Ultrasonic Chest Tube

Tech ID:
HSC-1398

The Ultrasonic Chest Tube is a novel solution for improving the continuous drainage of effusions in the pleural space around the lungs.  By incorporating an ultrasonic delivery catheter into a chest tube, the invention improves the efficiency, speed, and outcomes associated with the drainage of pleural effusions.

 

Background:

A chest tube is required for drainage of excess of fluid accumulation around the lungs inside the chest wall (pleural effusion). The excess fluids can be caused by injury, infection, heart failure, or other diseases. The most common pleural effusions are hemothorax (blood), empyema (pus), and malignancy.

 

Treatment for loculated pleural effusions (fixed, isolated pockets) is typically thoracentesis - drainage of the pleural space via puncture through the skin with a percutaneous catheter or a surgical chest tube. Doctors can also administer intrapleural fibrinolytic agents to disrupt the clot formation, thus causing the clot to dissolve and drain more easily. If these treatments fail, the risk of epyema increases, particularly when blood remains resulting in a retained hemothorax. The final therapeutic option is an invasive surgical procedure, Video-Assisted Thoracic Surgery (VATS).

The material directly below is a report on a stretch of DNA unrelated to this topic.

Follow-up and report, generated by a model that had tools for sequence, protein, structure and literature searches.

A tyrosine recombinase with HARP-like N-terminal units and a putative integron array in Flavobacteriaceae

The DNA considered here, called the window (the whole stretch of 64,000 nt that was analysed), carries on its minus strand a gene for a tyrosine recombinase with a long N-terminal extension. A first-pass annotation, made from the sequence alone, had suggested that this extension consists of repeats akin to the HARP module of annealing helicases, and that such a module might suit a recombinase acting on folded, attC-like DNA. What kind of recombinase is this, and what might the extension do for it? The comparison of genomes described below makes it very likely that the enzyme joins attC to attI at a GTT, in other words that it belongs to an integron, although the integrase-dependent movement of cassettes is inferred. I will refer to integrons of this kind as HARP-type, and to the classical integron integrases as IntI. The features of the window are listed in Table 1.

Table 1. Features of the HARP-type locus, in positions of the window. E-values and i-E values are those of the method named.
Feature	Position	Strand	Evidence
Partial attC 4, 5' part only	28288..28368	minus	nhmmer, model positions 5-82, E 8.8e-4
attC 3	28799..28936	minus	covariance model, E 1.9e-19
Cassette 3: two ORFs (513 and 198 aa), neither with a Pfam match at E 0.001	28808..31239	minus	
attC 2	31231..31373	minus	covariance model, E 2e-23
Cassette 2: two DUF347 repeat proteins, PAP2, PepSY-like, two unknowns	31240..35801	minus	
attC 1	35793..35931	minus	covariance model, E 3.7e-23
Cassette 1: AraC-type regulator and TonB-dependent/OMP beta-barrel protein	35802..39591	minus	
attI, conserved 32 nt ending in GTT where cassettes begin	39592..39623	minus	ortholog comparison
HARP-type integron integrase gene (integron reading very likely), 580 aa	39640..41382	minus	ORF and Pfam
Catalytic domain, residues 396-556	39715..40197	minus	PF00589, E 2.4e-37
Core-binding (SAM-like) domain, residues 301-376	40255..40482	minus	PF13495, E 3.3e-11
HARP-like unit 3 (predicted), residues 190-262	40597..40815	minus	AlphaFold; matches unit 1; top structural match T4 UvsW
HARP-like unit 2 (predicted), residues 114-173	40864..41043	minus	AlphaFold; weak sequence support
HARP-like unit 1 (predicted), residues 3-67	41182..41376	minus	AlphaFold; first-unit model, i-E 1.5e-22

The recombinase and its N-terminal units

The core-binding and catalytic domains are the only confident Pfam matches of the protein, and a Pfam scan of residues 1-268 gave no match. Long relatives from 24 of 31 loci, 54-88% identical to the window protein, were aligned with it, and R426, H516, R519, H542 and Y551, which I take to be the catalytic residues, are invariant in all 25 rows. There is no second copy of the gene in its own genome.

The use of fibrinolytic agents and thoracentesis is not without controversy. Specifically, if the chest tube and fibrinolytic agents are unsuccessful, then surgical intervention will be delayed. A delay of treatment can significantly impact the outcome of the patient. Additionally, fibrinolytic agents have an increased risk of hemorrhage.

The invention employs both mechanical (ultrasonic chest tube) and chemical (fibrinolytic agents) means simultaneously to disintegrate the clots and drain the fluid in the pleural cavity quickly. A prototype is currently being tested in dead animal models.

 

Commercial Applications & Advantages:

This invention is broadly applicable to surgeries within the abdominal cavity.  It addresses the following concerns, which have not been adequately addressed by the devices and therapeutics on the market:

  • Decreasing treatment time for difficult to treat cases by using ultrasound and fibrinolytic agents to dissolve clots
  • Increasing efficiency with combined mechanical and chemical processes may allow lower concentrations of fibrinolytic agents to be used, thus reducing the risk of hemorrhages
  • Non-surgical interventions could reduce the overall cost of treatment up to $60,000 per patient who currently require VATS
For information contact:
John Fritz
Sr. Business Development Manager
FRITZJA@UTHSCSA.EDU
210-562-4033
Inventors:
Ian Makey
Patent Information:

PCT - PCT

Patent No. 

Status: Pending

Keywords: